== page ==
"If we're doing a short-term project, whether it's our maintenance crews stopped along the side of the highway to fix a sign or one of our survey crews doing some work, it's not practical to set up traffic control like we do for our large projects," said Joe O'Dell, SDDOT's safety coordinator. "In those situations, our crews turn on their amber flashing lights and hope motorists remember the Move Over law."
The Move Over law requires drivers traveling on an interstate or highway with more than two lanes to move over to the farthest lane of traffic when they come upon any stopped vehicle with flashing yellow lights. They should then proceed with caution. Drivers on two-lane highways must slow down to at least 20 mph below the posted speed limit and then proceed with caution. Several large signs along the interstate remind drivers of the law.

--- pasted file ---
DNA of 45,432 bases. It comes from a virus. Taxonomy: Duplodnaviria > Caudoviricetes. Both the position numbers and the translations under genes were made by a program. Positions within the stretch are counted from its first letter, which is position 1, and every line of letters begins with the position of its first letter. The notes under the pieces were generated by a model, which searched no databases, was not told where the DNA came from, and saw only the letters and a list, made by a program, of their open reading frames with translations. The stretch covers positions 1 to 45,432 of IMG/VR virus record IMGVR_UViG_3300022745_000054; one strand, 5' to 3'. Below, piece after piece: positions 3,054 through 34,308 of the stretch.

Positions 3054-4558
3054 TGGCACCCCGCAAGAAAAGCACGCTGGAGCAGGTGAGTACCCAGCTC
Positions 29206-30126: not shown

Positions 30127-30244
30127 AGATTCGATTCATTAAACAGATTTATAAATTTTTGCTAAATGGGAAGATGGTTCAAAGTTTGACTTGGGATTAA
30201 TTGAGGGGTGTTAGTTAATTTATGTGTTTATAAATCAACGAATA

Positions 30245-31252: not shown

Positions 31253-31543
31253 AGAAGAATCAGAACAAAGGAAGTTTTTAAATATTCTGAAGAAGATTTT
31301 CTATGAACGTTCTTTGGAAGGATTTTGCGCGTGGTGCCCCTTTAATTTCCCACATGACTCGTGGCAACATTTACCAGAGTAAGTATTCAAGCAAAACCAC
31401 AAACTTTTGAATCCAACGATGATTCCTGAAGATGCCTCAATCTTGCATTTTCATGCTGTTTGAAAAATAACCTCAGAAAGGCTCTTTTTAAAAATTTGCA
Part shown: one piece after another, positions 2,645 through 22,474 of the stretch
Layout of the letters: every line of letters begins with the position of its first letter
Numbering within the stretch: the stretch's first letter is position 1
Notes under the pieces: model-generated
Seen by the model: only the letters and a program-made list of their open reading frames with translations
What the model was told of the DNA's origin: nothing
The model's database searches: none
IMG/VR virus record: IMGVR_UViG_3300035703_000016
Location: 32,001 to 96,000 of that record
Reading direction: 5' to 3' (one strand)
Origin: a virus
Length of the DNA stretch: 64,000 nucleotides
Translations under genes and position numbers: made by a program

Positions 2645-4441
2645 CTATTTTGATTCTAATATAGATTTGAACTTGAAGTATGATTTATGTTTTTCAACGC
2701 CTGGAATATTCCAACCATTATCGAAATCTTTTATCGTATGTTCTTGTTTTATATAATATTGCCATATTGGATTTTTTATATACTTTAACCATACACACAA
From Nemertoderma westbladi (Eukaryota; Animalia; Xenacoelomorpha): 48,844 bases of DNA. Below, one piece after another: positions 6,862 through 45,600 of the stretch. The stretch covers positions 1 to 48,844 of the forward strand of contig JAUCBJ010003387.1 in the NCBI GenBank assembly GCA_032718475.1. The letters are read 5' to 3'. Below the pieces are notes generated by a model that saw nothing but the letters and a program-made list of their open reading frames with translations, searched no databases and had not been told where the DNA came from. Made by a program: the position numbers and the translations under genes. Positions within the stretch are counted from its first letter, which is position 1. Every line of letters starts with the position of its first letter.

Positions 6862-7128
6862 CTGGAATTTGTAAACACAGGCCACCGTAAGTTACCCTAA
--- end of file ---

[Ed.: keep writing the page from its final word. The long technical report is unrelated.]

More than 30 states have a Move Over law on the books, with fines for breaking the law as high as $10,000. In South Dakota, violating the Move Over law can result in a $200 fine, but O'Dell says the real cost could be much more.
"What's the price of a life? The law was passed to protect law enforcement, emergency and highway workers. These people are doing important but dangerous work. When people don't slow down or move over, they are putting those lives in danger."
O'Dell says the next time you are traveling and see amber flashing lights ahead, be prepared to slow down or move over. A small action on your part can make a big difference.